Imagine taking $175 billion in cash and flushing it down the toilet. Well, that is what our federal government did last year, according to a new survey from the government’s watchdog.
Every year, the Government Accountability Office (GAO) tracks the amount of improper payments made by various federal agencies and programs in the form of waste, fraud, and abuse. The audit does not subjectively judge whether a program itself is wasteful, but whether, based on the program’s own guidelines, there are payments made that should not be. For fiscal year 2019, the GAO found that the federal government made $175 billion in improper payments, a 15 percent jump from FY 2018.
While we will never tackle the federal deficit crisis by combating waste and fraud alone, these numbers do add up. $175 billion is roughly the cost of the entire annual budget for the gargantuan federal civilian and military retirement pension program. According to the GAO, the federal government has wasted $1.7 trillion on improper payments alone since 2003. That’s when Congress began requiring this annual audit.
Here are some other key takeaways from the report, which was published yesterday.
What’s so tragic about this is that both parties always talk about cutting “waste, fraud, and abuse” as a cop-out for actually addressing the systemic problems in major government programs and the premise of the federal government’s involvement in various aspects of our lives. However, when it comes time to actually cutting waste, they never do it. Why is it that they are constantly increasing spending to record levels and then passing even more emergency spending bills without ever trying to genuinely combat what is universally regarded as improper payments?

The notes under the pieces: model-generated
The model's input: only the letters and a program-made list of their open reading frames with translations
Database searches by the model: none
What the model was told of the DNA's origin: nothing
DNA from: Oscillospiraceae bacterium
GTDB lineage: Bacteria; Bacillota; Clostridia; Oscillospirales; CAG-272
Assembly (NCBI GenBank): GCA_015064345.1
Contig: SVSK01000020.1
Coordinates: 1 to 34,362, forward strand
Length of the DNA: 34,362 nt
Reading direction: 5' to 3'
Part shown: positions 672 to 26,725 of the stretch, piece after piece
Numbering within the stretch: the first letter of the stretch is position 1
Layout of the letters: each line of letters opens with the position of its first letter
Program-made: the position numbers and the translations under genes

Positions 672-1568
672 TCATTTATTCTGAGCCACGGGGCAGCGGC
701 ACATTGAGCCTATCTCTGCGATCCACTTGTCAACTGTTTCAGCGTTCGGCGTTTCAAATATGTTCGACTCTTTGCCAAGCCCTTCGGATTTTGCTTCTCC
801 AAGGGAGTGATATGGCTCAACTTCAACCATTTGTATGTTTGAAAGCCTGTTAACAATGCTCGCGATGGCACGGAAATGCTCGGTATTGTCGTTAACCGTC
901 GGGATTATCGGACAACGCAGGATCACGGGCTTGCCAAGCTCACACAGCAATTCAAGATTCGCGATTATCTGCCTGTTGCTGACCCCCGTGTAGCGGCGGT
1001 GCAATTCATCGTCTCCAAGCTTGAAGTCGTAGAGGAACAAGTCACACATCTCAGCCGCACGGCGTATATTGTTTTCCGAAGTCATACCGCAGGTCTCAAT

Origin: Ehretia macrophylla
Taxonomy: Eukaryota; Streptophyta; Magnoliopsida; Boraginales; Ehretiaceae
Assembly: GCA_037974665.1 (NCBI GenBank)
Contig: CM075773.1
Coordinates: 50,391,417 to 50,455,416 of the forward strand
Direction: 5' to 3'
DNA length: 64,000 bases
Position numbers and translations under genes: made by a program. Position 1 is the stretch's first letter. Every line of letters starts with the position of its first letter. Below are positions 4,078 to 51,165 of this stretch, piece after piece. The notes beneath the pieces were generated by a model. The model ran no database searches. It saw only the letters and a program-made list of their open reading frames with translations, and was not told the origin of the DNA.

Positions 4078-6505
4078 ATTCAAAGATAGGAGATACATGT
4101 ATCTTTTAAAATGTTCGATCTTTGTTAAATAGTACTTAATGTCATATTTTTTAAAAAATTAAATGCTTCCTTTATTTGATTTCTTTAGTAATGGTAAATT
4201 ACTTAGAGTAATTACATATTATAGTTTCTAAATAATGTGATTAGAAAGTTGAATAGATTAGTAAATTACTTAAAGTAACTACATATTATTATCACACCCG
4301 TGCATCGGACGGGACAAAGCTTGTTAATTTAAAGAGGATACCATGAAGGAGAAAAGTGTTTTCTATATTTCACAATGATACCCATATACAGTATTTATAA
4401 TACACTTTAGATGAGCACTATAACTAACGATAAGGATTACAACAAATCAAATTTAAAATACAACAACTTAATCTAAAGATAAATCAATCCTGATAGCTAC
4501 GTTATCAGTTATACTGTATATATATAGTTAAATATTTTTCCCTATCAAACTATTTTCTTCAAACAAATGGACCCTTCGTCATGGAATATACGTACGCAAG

It’s also sad how so much of the waste is embedded in socialist transfer-of-wealth programs, such as Medicaid and refundable tax credits, aka welfare through the tax code. These are programs that many Americans pay for but never receive benefits from. Taken together, the tab for improper payments among all the refundable tax credits was $26.7 billion. That is more than a quarter of the entire cost of refundable credits, estimated to cost about $96 billion!
With the debt surging past $23 trillion and with endless trillion-dollar annual deficits as far as the eye can see, one would think this report would spawn a bipartisan effort to at least combat universal waste. Sadly, the only bipartisanship in Washington is a commitment to waste even more taxpayer funding, subsidize more favored industries, and redistribute even more wealth.
Meanwhile, with 5,000 deportation officers for over 3 million criminal aliens, they can’t fund a few billion dollars to remove other countries’ violent criminals, one of the most important jobs of a national government.
Daniel Horowitz is a senior editor of Conservative Review. Follow him on Twitter @RMConservative.